By a vote of 10-3, the Senate negotiators passed the nearly 1,200-page report on a broad energy bill out of conference late Monday, but not before the Republican majority on the panel shot down nearly every proposal offered by Senate Democrat conferees. The report was to be sent to the House to take up Tuesday.
The comprehensive energy measure is expected to pass handily in the House, which has scheduled a vote on the bill Tuesday. But the legislation could face problems in the Senate from Democrats, who were virtually shut out of the energy negotiations. While Senate Democrat conferees on the committee were given the opportunity to offer amendments to the bill Monday, the Republican majority defeated almost every proposed revision by a 7-6 party line vote. Republicans had a one-vote majority on the conference panel.
In the end, however, three Democrats aligned themselves with Republicans in voting the bill out of conference.
The fact that few of the Democrats’s amendments were accepted may even further fuel their already-existing anger over being excluded from the negotiation process, and prompt them to filibuster the bill when it reaches the Senate floor. Senators will not be allowed to change the conference report on the energy bill once its reaches the floor, so a filibuster is the only recourse for disgruntled Democrats.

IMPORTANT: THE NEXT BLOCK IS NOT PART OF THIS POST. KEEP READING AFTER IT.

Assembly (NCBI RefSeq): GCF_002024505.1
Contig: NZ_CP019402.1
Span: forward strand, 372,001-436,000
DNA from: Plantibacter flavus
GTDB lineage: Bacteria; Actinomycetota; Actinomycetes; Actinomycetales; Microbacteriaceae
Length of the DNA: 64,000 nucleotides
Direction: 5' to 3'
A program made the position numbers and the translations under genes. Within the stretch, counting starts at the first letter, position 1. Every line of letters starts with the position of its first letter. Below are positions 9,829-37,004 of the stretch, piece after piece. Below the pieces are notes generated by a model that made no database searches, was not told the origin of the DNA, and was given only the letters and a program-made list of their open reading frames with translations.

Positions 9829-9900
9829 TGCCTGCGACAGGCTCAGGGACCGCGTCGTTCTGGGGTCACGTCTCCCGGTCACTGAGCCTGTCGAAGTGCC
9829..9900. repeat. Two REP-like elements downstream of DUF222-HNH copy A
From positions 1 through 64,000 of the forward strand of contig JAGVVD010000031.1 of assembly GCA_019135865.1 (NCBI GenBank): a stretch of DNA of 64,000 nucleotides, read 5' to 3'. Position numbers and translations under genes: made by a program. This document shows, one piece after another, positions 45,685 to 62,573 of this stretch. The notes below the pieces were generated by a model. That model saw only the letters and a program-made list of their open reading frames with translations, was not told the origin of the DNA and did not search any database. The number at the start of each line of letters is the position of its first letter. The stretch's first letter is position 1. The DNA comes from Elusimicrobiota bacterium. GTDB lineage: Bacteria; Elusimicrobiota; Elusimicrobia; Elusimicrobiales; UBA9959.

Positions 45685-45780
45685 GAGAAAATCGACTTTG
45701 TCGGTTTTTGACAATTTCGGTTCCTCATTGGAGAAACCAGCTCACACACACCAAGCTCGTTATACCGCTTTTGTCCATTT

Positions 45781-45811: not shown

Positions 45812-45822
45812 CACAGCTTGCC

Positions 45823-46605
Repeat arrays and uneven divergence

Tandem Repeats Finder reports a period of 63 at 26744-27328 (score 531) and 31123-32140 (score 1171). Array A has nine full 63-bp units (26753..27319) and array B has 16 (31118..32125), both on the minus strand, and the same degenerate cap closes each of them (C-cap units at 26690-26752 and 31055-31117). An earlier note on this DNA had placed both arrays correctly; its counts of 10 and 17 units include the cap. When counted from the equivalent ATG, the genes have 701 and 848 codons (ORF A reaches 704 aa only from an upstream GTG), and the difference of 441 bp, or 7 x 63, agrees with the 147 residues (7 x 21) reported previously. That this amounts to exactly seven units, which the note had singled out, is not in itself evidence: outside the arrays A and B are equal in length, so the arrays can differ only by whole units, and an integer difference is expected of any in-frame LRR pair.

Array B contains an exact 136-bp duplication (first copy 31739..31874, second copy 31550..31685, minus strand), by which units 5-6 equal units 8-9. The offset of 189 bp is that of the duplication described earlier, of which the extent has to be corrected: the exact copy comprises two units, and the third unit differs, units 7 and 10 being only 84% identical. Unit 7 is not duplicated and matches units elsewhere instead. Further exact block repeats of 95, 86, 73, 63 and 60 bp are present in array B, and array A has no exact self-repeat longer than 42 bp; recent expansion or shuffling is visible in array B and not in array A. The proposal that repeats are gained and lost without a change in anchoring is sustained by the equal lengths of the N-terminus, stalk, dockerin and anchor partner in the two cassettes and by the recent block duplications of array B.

Only a handful of Democratic amendments were accepted Monday, including a proposal to insert a renewable portfolio standard (RPF) in the bill and create a consumer advocate office at the federal level.
The RPF proposal, which was offered by Sen. Jeff Bingaman (D-NM), was approved after it earned the support of one Republican conferee. “But [this] doesn’t mean it will be part of the conference report,” said Sen. Pete Domenici (R-NM), chairman of the conference committee. In fact, “I hope it doesn’t end up being part of the ultimate report.”
Domenici last week said he was extremely hopeful that the measure would clear both the House and Senate before lawmakers are scheduled to adjourn this Friday.
The natural gas industry, while losing out on some of its big ticket items, picked up a considerable number of smaller provisions in the Republican draft energy bill which — if enacted — would facilitate increasing production and transportation for natural gas.
Several proposals that were advocated by industry wound up on the cutting-room floor — an inventory of oil and gas resources on the Outer Continental Shelf (OCS), price subsidies for gas produced in Alaska and the opening of the Arctic National Wildlife Refuge to oil and gas drilling.
The bill, however, contains favorable royalty and tax and depreciation provisions for producers and pipeline builders, as well as programs to speed up the process of permitting and leasing. It includes loan guarantees for a pipeline from Alaska and reinforces light-handed regulation of LNG imports.
The following are the policy and tax highlights for natural gas:
The bill also contains a number of other provisions, dealing with a wide variety of energy related topic including the following:
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